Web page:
Saturday, October 10, 2015

Keep calm ... and toke up!

It was about four in the afternoon when I pulled into the gas station a few days ago.  On the first of this month, if you want me to be precise about the date.  Gawd!  Can I continue with my story now?

So, anyway, I gave my credit card to the gas station attendant.  "Fill up regular, please" I said.  I always, always add that "please" even though filling gas is exactly what the transaction is all about.  He got the pump going and returned the card to me.

"What's with the crowd across the street?" I asked him.

"Oh, it has been there all day long, right from about nine in the morning.  People want their pot" he laughed.

I had forgotten that on October 1st recreational marijuana was becoming legal here in Oregon. But then how does it matter to me when I have never been anywhere near pot and potheads.

"They started lining up well before the store hours" he said with more chuckles.  I suppose he is like me who can be amused very easily.

The amount sold is, ahem, high ;)
Retailers sold more than $11 million of marijuana during Oregon’s first week of legal recreational sales, outpacing the early business done in other states that have legalized pot, according to the Oregon Retailers of Cannabis Association.
Oregon retailers had sales of $3.5 million by the end of opening day, saidCasey Houlihan, executive director of the association, the Statesman Journal in Salem reported. By contrast, Colorado’s first week of sales reached $5 million. In Washington, sales during the first month hit $2 million.
So, what made Oregon's sales so much higher right from the first day?  The same conditions that every other economic activity require:
 One reason Oregon posted stronger early sales was the existing medical marijuana infrastructure. More than 250 medical marijuana dispensaries in Oregon have told the state they will sell to recreational customers. By contrast, Colorado had 24 stores on Day 1. Washington had just four, and a year later still has fewer than Oregon.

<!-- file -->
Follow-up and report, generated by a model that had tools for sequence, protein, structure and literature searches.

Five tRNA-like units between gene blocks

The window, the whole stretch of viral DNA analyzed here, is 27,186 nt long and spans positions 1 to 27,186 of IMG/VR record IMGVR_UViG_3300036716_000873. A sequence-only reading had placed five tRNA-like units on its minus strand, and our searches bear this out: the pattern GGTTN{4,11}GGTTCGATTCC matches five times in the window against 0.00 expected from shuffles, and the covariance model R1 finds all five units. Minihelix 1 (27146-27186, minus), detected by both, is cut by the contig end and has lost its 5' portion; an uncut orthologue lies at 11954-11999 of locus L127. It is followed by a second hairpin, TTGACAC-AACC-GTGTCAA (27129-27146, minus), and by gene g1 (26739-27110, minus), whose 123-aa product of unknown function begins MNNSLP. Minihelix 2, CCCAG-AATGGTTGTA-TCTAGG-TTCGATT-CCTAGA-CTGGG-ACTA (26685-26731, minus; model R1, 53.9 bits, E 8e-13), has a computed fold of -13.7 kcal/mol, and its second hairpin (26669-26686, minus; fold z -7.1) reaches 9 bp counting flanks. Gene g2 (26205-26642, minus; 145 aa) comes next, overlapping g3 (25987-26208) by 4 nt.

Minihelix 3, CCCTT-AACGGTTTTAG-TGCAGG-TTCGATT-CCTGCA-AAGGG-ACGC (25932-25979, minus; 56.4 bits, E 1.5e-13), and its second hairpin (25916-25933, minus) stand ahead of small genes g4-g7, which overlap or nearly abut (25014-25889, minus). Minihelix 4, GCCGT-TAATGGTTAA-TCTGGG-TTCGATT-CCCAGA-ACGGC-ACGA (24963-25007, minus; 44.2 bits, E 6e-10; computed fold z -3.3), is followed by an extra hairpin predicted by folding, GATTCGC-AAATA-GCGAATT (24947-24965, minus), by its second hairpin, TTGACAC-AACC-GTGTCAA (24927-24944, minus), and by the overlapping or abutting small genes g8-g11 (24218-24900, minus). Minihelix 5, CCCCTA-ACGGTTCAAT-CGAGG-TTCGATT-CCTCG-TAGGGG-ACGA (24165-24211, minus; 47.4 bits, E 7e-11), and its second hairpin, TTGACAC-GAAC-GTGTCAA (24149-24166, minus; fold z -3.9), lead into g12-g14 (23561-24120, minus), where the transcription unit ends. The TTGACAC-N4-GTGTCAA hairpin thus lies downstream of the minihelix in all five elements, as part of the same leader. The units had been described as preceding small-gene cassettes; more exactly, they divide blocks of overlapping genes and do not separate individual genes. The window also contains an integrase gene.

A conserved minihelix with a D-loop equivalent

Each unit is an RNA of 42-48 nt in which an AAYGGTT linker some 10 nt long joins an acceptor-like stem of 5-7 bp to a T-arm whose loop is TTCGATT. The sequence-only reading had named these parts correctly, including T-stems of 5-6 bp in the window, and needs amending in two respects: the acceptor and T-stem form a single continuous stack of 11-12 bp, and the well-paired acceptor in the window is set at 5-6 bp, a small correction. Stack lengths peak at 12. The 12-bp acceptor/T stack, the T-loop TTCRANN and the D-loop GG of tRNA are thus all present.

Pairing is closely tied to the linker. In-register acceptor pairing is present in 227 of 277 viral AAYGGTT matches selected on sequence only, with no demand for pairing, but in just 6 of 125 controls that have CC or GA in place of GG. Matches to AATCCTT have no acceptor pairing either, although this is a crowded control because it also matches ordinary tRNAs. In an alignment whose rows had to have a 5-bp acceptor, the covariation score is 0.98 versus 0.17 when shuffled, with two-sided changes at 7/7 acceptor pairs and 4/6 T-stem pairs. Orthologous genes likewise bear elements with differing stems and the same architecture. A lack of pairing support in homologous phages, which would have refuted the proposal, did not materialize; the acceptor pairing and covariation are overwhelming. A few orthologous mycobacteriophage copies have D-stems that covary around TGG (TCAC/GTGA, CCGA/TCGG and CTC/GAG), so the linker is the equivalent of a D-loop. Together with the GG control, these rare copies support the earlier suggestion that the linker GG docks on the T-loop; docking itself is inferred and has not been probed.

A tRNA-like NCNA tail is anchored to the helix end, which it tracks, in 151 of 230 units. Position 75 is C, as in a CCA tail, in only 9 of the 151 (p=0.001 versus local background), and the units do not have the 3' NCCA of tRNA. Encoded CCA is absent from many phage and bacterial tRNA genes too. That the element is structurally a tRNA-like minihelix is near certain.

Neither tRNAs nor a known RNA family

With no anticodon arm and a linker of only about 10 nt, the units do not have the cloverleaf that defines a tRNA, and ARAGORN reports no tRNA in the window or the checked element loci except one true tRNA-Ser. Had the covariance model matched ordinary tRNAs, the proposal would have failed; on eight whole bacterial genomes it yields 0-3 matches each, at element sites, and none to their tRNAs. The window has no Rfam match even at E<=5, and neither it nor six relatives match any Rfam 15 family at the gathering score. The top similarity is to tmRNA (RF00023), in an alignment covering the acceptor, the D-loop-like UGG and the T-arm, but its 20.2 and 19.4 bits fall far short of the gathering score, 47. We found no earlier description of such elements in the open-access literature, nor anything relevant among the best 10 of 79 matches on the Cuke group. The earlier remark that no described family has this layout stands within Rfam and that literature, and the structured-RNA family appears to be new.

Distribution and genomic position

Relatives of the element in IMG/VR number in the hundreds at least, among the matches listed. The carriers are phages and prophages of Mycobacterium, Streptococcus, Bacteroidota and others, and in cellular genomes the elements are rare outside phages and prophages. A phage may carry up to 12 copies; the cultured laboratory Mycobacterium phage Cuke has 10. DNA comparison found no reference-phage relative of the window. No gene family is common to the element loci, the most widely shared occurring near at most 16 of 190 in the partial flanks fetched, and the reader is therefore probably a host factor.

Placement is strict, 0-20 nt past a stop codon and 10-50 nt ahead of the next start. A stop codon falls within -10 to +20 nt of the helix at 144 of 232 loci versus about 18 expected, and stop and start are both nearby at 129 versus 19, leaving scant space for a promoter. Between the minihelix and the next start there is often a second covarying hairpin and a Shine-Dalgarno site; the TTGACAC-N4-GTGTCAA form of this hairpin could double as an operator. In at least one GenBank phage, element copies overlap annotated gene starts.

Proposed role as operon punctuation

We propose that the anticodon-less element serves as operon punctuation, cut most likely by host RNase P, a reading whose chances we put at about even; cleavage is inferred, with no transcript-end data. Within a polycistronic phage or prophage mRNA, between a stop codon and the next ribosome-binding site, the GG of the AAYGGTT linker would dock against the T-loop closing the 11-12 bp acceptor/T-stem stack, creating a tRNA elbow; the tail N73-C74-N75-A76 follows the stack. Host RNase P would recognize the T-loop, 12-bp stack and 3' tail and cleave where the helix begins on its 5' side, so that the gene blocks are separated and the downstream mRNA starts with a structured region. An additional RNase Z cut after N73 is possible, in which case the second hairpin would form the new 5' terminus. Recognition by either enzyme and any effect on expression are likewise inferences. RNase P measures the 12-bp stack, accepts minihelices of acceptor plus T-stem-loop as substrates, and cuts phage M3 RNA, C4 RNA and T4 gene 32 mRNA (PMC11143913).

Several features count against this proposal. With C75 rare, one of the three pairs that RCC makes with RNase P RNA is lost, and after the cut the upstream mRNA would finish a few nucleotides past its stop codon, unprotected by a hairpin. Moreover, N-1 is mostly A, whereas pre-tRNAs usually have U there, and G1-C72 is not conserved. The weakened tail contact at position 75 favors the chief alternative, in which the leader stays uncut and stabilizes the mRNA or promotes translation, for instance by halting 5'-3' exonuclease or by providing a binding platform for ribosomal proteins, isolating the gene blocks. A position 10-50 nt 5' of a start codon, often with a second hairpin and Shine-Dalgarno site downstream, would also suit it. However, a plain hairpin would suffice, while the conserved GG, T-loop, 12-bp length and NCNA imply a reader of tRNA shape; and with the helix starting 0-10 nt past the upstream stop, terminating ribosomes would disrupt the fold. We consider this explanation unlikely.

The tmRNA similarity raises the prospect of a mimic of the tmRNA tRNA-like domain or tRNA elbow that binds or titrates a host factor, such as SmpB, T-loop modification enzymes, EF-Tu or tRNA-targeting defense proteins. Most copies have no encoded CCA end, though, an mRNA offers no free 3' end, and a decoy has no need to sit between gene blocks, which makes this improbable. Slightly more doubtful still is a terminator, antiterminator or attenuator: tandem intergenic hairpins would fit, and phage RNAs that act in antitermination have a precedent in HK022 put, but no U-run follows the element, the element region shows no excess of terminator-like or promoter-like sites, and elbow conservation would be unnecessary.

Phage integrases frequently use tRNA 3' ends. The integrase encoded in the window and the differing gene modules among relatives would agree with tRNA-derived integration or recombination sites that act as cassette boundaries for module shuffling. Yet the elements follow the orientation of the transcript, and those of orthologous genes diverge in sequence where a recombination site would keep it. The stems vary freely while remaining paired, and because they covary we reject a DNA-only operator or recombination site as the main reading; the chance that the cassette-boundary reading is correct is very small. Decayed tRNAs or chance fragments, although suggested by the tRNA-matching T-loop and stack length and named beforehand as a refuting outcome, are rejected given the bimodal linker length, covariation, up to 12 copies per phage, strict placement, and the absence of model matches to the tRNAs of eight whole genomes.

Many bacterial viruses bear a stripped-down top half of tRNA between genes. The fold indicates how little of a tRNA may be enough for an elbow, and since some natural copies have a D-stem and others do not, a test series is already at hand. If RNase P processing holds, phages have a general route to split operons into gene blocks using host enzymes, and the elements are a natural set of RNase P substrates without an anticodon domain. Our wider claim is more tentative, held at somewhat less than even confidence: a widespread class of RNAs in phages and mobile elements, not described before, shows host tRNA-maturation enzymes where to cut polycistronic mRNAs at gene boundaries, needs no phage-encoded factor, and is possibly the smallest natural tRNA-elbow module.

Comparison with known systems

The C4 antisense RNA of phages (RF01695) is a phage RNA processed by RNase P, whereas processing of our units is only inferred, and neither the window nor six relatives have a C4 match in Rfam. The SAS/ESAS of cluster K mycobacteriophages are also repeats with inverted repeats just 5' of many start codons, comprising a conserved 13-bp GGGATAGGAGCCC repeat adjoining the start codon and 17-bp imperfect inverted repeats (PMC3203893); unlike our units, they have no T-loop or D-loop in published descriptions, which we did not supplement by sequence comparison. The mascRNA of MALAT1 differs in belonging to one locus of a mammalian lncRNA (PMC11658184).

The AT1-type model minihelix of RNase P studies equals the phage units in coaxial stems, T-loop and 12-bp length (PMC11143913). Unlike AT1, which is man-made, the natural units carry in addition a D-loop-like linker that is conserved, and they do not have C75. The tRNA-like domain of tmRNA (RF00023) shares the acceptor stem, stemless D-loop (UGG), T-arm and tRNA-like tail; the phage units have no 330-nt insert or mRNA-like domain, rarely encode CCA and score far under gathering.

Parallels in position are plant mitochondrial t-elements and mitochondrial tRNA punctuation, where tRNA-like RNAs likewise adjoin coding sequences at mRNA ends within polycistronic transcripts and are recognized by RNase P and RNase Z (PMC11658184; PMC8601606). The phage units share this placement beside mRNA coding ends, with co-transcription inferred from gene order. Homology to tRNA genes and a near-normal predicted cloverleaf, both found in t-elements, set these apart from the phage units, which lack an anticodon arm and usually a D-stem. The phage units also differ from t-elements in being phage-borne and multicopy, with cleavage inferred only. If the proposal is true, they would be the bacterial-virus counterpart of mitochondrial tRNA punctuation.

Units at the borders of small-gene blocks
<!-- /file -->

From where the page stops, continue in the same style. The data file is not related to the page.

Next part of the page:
Oregon also has a robust supply of marijuana that’s grown to support medical marijuana users and the black market. Companies have invested in massive warehouses in Portland to grow the drug indoors, and Southern Oregon has some of the nation’s best conditions for outdoor cultivation of marijuana.
Growers don’t face strict regulations yet, so the supply can more easily flow into retail stores than it did in Washington and Colorado.
I guess the legalization has begun at the right season--it has started cooling down, the daylight hours are getting shorter, and soon the rains will be here.  All the more convenient, perhaps, to stay indoors and toke up.

Recreational pot is one heck of a job-creation opportunity, argues this lawyer who is also the cho-chair of the legislature's committee overseeing the legalization:
 if we get the new industry right, Oregon could become for marijuana what Napa Valley has become for wine. Our economy would be more robust
Hey, if wine can not only be a huge industry but also spawn wine critics, connoisseurs, and sommeliers, then why not for marijuana, eh.  What a strange world in which we live!

I am so happy with the drug that I live for ;)

Caption at the source:
Co-owner Traci Watson helps a customer at Maritime Cafe in Gladstone
on the first day of legalized recreational pot sales in Oregon, October 1, 2015 in Oregon.

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